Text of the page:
Produce sellers, Jaipur

I couldn't resist
>>The food is AMAZING. There is so much flavor and variety! I didn't have much experience with Indian food prior to this trip, but I loved it! Almost everything I ate was vegetarian (except I might have had meat at our continental breakfast, but I'm not sure), since Anu is vegetarian, but I didn't miss the meat at all. The spices and the flavors made the food anything but boring and I am excited to try and incorporate these types of foods into what I eat on a regular basis. Also, I know I mentioned this before, but I am in love with saffron lassi. Amazing. It cuts the heat and is so scrumptiously yummy. This also made me appreciate the lack of diversity in American vegetarian food options-- it would be tough to go from all of that flavor to having salad be the only veg option in a restaurant.

Well, I believe this is the last of my India saga. I wanted to wrap it up and add in anything I didn't talk about in the other posts, and I think I've done that.

I know you must be tired of reading about India by now, but I hope you saw how much I loved it and should you have the chance, take the opportunity to visit it yourself. I'm so thankful for my friends and for the chance I had to spend this time with them in India-- it was priceless!

Anything you noticed from my retelling or pictures that stuck out to you? Which photo was your favorite? Anyone know where I can get me some good lassi?

P.S. If you want to catch up, or re-read (bless your heart) any of my stories, I've made a page on the top bar that has links to all the days. Enjoy!
P.P.S. There's also one for Singapore, in case you're extra interested :)

Tuesday, April 3, 2012

incredibly, India: Day 4

A sari shopper
My last and final day in India. Did you get tired just from reading about all the things we packed into four short days? I got a little tired just writing it all out. But, I didn't want to forget about anything and I wanted to give you a pretty complete picture.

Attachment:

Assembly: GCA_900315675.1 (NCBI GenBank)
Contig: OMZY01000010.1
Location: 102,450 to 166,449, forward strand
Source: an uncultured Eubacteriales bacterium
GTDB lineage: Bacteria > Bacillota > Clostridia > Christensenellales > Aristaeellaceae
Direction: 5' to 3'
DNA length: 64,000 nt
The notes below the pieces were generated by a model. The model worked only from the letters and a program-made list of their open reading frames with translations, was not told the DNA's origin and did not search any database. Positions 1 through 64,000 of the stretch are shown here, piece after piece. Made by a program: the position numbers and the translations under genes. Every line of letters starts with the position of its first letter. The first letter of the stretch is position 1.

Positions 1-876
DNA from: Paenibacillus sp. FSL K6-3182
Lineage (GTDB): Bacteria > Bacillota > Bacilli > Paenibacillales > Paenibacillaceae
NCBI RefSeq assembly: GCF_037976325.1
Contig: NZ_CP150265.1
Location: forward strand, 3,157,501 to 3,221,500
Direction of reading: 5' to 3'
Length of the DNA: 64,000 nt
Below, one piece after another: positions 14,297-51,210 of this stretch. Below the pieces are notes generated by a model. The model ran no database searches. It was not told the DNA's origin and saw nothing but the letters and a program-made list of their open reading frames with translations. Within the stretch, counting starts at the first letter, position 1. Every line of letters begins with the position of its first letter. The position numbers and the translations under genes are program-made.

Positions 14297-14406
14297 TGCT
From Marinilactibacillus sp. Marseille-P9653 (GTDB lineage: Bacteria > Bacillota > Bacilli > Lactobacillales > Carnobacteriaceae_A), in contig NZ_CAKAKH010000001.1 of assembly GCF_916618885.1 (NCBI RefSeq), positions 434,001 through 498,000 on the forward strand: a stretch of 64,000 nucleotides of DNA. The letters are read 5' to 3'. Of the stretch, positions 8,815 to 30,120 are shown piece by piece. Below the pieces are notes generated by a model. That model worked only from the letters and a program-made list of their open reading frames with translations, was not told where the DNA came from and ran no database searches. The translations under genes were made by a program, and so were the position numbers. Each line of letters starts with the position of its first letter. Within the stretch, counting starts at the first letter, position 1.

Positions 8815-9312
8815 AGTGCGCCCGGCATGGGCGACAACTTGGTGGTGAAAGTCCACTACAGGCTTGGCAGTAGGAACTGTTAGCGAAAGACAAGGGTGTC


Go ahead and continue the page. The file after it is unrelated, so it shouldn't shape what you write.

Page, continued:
A couple days on the road, filled with walking, seeing, shopping and taking many pictures eventually caught up with us a little, and we slept in on the morning of the fourth day. Originally, Anu wanted to take us to the Lotus Temple and to Chandni Chowk, but we ended up cutting out the Temple and Nikka and Anu took a little more time to do that on Nikka's extra day.

We took our time in the morning, then the three of us and Anusree's mom headed to the subway station to go into the city. The subway car filled up quickly and we had a great time, talking about arranged marriages and her mom's experiences in the world of design and fashion.

Eventually we got to our stop in Old Delhi, and walked around for a bit. Anu's mama was looking for a particular sari designer that she had either known before or bought from before.
Exclusive designs! No plagiarism, got it?
Sari storage
Much like in China how there are people waiting for you when you get out of the subway stop advertising their wares and products, there were people waiting for us when we got off too. But, we had to follow them to their shops (also like in China). I guess carrying designer saris around just isn't done. So, we followed a young man who seemed to know the shop we were looking for through a couple allies and stepped into this little two story store front. To view the saris, we took off our shoes as we went up to the second floor. The floor was padded and covered with a white cotton-like fabric. I suppose this helped to keep things clean as well as provide a place to display the sari designs.

The colors were so rich and vibrant. I felt like my eyes were being dazzled and overwhelmed by the intensity of the colors. I pulled out my camera and snapped a picture of a piece they pulled to show us. The beading and designs are unique to each designer, so after I took that picture, they asked me not to take pictures of an actual piece, though I was welcome to take pictures of the pieces that were folded and stored on the open shelves.

A woman trying on saris

The beading of the sari is done on a sheer piece of fabric and then when the piece is purchased, they cut out the design and sew it onto a backing to fit the client.
One of the alleys

Anu and her mom didn't buy anything right then, so after we were done, we went looking for some jewelry makers. Chandni Chowk has a main street with alleys branching off of it. Each alley generally has a specialty-- saris, jewelry, paper, etc. I was looking for a particular gift. I had seen silver plated versions but wanted a full silver version. It took a while to find what I was looking for because the piece I had seen was actually Rajasthani in design and they didn't have the same thing in Delhi.